“Everyone is capable of being creative, just like everyone is capable of learning to read. To help people do that, you have to teach them, at a really young age, to be fearless.”
– Zach Klein, Co-Founder & CEO of DIY
Many times when I interview someone they talk about the fact that their formal education never taught many of the skills they need to be an entrepreneur or small business owner. Specifically the importance of not being afraid to make mistakes. While there are many-many creative things happening in classrooms around the country with teachers who are trying very hard to create an environment where their students can experiment and make mistakes, the educational system is set up around assessments that judge whether or not you know the right answer to a test question.
It is hopeful to see organizations like DIY that are thinking about how to engage young people – allowing them to combine the use of technology with getting their hands dirty while doing. The more we allow the young people in our society to play, test things out, experiment, ask questions, do research, fail while figuring something out and have a safe space to make mistakes the more likely we are constructing a society that will be creative and innovative. I’d love to see the same opportunities happening in all of our schools, but this is a great way to start the conversation and get people thinking about how we are ensuring that creativity is an important component of one’s education…and life.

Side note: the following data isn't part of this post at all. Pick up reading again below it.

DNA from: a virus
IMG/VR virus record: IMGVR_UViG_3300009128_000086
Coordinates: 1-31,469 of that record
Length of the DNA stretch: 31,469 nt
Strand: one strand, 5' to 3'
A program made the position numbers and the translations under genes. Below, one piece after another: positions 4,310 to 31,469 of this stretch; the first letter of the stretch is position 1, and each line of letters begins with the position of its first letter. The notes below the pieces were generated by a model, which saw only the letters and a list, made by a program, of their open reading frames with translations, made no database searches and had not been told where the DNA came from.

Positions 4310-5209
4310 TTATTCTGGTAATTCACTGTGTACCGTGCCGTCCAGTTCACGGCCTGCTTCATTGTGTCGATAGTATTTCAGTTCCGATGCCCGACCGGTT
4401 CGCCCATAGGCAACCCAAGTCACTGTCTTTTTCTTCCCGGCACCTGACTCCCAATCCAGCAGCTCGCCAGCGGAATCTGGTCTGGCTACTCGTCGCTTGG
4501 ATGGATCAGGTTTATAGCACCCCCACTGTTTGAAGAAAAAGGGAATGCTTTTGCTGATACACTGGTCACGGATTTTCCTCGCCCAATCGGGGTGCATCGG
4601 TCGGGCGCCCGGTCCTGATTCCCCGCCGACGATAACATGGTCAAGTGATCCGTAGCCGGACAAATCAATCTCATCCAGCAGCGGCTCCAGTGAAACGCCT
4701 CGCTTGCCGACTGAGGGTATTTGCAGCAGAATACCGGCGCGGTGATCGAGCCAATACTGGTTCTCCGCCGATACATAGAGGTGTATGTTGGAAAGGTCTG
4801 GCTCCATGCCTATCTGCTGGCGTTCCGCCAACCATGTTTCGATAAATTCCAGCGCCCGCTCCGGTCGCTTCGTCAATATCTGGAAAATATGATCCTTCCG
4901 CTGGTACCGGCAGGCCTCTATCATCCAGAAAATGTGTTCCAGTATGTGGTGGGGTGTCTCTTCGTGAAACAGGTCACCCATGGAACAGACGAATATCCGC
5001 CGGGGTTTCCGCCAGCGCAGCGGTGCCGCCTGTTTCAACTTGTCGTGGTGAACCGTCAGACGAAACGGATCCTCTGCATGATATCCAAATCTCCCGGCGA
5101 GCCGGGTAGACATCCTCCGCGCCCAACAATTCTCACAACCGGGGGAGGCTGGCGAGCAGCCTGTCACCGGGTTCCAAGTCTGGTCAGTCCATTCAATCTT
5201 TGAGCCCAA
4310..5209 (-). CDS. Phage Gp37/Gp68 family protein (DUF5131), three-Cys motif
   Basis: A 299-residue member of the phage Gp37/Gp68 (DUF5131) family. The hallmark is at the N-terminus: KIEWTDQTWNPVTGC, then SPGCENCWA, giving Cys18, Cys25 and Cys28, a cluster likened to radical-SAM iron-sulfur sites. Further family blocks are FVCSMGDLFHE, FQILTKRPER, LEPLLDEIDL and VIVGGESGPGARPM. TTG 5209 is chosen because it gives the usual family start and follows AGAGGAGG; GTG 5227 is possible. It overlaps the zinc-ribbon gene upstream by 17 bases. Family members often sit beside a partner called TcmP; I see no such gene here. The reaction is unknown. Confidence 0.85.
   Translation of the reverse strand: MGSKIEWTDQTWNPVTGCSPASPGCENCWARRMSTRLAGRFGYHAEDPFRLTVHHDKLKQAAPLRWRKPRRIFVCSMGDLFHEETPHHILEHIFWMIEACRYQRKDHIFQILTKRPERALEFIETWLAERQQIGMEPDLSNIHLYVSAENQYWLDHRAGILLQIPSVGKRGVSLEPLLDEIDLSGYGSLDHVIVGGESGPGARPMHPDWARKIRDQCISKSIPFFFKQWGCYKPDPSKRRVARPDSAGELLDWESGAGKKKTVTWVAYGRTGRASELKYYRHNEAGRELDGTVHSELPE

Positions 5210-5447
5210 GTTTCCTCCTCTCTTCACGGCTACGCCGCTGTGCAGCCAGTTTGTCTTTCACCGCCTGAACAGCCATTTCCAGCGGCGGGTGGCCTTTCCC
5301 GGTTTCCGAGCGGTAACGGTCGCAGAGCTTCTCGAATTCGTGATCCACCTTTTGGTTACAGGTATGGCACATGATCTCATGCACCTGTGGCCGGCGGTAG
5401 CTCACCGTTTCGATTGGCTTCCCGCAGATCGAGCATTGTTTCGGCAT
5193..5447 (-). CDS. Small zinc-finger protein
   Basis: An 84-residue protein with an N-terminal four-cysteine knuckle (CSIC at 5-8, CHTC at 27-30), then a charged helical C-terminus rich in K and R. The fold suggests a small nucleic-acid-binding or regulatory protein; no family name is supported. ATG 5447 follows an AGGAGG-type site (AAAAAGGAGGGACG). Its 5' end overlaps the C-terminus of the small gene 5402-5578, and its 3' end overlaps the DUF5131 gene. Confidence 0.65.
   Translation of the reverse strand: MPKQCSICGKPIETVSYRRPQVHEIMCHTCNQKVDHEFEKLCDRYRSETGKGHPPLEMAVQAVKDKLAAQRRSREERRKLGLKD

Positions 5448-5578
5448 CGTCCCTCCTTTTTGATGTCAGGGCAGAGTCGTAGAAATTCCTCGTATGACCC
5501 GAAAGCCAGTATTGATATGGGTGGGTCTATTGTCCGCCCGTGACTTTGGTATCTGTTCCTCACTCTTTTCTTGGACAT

We can teach our students by modeling the same behavior and redefining what “success” means within our society. We need a DIY for adults to remind us to never stop learning and be okay with trying things out. We, too, can “learn anything, and be anyone.”